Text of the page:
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My biggest fear is my children will see me as dull.

A round-shouldered disciplinarian, grim and straight-laced.

My other fear is cutting a lonely, distant figure as a historian carrying his learning with unease.

So I dodge straight lines whenever I can.

I go the way of loops. Ones that breathe in roller-coaster appeal for them and me.      

My ruse of adding zing to their lives is to lead them to forgotten places.

My being a historian helps.

Every summer vacation, we — my wife, children and Masti — head off to the cottage in the hills that my parents built.

My parents are no more, a car mishap taking them away before their time.

Our holidays get launched with our scrambling’s over hills with winds smashing our faces.

We swing on dense foliage as circus trapeze artists do and reel in different directions. 

We boat and cycle, too.  

In these expeditions, the children live a full life.

Alongside, they learn to handle loss as the memories of my parents live on in their cottage. 

Every portrait, furniture piece, vessel and tree, injured over the years, has a yesteryear story to tell. 

I unravel these forgotten stories for the children.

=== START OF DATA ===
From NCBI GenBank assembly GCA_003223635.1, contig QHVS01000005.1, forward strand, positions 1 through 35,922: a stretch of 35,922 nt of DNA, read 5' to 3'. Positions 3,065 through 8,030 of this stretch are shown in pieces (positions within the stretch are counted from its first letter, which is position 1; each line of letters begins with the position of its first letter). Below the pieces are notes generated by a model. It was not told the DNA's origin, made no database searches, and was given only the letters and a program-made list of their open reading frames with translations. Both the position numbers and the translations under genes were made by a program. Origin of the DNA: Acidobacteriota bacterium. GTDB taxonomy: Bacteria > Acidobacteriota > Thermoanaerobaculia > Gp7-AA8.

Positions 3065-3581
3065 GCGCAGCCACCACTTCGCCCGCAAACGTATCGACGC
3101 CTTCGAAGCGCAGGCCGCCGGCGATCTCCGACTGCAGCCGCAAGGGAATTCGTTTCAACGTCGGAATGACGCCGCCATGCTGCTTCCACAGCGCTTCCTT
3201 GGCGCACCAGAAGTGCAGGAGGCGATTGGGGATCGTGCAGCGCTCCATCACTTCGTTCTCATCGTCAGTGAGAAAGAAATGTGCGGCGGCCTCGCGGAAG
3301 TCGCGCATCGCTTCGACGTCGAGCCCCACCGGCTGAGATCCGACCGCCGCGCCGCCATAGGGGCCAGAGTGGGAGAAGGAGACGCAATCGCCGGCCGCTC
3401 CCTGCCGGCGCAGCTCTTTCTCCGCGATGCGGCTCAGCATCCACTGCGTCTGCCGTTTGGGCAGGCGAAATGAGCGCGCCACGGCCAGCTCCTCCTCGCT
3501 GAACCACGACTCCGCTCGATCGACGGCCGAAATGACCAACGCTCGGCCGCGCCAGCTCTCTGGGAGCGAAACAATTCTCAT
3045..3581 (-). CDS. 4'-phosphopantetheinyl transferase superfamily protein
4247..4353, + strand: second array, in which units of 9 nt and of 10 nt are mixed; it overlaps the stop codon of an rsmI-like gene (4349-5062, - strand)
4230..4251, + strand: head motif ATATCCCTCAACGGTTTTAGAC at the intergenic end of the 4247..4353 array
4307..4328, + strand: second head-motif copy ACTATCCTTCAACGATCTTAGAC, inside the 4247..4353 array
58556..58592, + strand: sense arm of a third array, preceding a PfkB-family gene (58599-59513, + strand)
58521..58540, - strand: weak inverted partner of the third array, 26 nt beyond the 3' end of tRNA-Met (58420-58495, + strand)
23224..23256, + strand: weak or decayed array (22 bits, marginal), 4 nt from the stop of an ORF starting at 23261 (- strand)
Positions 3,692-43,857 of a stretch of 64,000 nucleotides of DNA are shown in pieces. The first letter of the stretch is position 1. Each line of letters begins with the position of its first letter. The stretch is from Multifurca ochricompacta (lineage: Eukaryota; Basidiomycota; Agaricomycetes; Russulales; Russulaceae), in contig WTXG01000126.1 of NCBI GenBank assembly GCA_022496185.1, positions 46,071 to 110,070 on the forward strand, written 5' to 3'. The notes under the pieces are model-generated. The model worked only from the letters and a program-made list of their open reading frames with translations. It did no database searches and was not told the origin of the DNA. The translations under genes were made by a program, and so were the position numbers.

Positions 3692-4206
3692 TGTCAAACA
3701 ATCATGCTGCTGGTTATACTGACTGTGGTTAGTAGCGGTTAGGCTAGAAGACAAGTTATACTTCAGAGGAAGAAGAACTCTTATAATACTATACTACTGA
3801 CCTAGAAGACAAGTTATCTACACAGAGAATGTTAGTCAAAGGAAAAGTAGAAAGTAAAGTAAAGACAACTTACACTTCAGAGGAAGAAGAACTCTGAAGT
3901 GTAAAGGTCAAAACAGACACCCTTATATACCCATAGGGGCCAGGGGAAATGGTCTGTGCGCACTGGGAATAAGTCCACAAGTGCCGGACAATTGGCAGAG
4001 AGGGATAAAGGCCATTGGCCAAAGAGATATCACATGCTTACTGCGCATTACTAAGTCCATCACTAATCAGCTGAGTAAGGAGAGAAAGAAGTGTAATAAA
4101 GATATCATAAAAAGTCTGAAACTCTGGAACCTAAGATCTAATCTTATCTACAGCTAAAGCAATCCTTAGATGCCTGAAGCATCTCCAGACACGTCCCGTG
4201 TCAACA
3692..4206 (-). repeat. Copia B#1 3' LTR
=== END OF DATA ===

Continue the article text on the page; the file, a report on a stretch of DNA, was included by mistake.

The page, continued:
I talk of my childhood… my days by the firelight ... how we used to chop wood, heat our water and cook our food over them.

I talk of spiced smoke drifts, of evening readings by the oil lamp and of late night bonfires.

I think the children enjoy these twig-leaf-fire littered stories and dips into history.

These floating images of my parents and details of their lives get contained within the children and my parents remain forever alive.

I hope that death for the children is no longer about dark and festering wounds.

Rather it becomes more about the wheel of life where life is followed by death.

I hope these expeditions teach the children to handle other misfortunes as well, say an unknown around the next bend.

And cope with frustration, disappointment and tilts towards the hateful.

It’s really about finding the balance within the mind.

Finding a new, comforting place in it, so as to be okay no matter how bad the situation.

I hope I am able to teach my children this.


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